Yesterday morning, as part of the new regime, I sat down and did half an hour of uninterrupted, undistracted writing, beginning the process of blocking out the new article I’m working on, focusing on the history and future of peer review. And not a moment too soon, apparently. This morning, via the Chronicle (and if:book) comes the announcement of Noah Wardrip-Fruin’s peer-review experiment: Noah’s publishing his book manuscript, Expressive Processing: Digital Fictions, Computer Games, and Software Studies, in a modified version of CommentPress on the Grand Text Auto blog, at the same time his editor, Doug Sery, sends it out for traditional peer review.
Noah’s interest in this experiment has its origins in his desire to have as his primary peer reviewers the social network that has developed around his blog, feeling certain that those readers are the ones who will provide the greatest insight into his project. Doug Sery, for his part, agreed, while remaining somewhat skeptical:
He insisted on running the manuscript through the traditional peer-review process as well. “We are a peer-review press–we’re always going to want to have an honest peer review,” says Mr. Sery, senior editor for new media and game studies. “The reputation of MIT Press, or any good academic press, is based on a peer-review model.”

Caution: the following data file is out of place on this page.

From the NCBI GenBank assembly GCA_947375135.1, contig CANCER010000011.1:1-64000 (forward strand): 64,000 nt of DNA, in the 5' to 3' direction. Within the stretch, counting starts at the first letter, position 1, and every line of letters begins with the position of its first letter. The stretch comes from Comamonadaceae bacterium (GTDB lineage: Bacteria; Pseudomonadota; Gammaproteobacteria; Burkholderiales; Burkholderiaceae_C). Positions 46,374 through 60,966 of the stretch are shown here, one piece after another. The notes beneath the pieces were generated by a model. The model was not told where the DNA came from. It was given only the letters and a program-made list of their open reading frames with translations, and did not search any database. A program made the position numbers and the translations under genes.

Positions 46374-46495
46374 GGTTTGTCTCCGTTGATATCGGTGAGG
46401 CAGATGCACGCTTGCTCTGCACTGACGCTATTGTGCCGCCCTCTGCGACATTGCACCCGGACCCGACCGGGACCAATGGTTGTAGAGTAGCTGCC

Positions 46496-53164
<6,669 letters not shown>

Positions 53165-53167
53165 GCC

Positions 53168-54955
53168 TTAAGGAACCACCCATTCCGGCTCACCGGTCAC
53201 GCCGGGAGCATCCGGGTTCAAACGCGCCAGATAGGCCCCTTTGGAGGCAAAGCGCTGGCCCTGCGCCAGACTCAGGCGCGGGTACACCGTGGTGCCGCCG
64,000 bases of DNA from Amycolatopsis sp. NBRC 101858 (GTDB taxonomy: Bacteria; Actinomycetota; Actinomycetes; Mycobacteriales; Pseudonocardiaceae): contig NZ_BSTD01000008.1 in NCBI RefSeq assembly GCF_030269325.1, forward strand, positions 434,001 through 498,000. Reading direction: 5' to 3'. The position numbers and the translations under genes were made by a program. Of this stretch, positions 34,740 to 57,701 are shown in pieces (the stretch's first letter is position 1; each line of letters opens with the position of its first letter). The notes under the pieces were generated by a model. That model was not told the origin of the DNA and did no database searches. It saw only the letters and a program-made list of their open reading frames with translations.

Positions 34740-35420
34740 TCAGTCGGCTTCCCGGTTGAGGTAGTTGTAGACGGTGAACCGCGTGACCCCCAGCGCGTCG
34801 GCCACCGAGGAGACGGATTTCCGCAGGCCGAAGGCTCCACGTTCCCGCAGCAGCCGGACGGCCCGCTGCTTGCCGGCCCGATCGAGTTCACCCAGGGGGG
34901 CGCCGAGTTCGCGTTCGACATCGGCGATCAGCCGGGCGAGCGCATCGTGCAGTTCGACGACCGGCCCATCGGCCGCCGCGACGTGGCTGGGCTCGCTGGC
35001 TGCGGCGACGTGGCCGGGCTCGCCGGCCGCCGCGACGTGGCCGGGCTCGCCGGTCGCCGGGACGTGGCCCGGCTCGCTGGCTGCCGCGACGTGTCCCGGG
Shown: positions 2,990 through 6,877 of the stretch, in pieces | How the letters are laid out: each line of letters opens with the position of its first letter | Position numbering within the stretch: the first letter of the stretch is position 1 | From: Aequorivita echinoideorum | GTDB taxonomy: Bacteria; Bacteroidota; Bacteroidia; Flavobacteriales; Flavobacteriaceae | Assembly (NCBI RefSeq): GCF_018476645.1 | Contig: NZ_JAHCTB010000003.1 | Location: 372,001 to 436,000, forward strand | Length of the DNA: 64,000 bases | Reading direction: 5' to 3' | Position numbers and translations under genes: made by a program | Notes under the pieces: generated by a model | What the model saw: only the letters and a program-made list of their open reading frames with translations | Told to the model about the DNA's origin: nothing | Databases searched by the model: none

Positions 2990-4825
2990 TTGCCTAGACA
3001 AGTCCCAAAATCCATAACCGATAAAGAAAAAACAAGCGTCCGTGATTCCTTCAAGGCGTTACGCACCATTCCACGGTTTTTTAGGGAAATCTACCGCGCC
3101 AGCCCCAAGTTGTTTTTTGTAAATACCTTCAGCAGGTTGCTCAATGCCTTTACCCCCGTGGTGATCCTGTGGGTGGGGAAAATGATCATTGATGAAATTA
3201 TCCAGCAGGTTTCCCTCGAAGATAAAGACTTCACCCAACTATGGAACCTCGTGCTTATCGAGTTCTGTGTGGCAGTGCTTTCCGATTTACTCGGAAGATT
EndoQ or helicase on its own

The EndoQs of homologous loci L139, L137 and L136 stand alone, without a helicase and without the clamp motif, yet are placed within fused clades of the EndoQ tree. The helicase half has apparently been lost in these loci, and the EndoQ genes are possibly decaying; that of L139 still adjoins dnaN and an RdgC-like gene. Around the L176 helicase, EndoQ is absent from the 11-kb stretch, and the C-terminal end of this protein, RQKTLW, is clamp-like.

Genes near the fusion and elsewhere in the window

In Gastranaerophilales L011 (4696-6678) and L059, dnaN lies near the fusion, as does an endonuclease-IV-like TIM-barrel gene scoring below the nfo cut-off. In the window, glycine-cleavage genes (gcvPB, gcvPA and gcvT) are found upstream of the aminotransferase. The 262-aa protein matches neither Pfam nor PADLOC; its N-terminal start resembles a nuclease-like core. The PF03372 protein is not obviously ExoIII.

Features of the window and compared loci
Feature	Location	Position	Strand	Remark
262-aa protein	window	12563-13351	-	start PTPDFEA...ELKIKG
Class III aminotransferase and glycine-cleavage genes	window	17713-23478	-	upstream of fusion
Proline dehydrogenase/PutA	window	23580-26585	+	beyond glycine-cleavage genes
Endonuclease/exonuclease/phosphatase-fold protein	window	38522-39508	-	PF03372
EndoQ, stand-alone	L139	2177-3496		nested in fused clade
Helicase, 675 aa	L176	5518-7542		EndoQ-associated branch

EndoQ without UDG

The origins of that “traditional” model of peer review, its presumptions of honesty, and the lock that it has on current models of academic authority are precisely the subject of the article I’m now working on, so I’m looking forward to watching Noah’s experiment develop. I’m also watching with great anticipation to see what this experiment bodes for MediaCommons, where we hope to develop a new model of “peer-to-peer review” that might not simply exist alongside traditional blind peer review but in fact augment and surpass it as a mode of creating and measuring authority in the age of the network.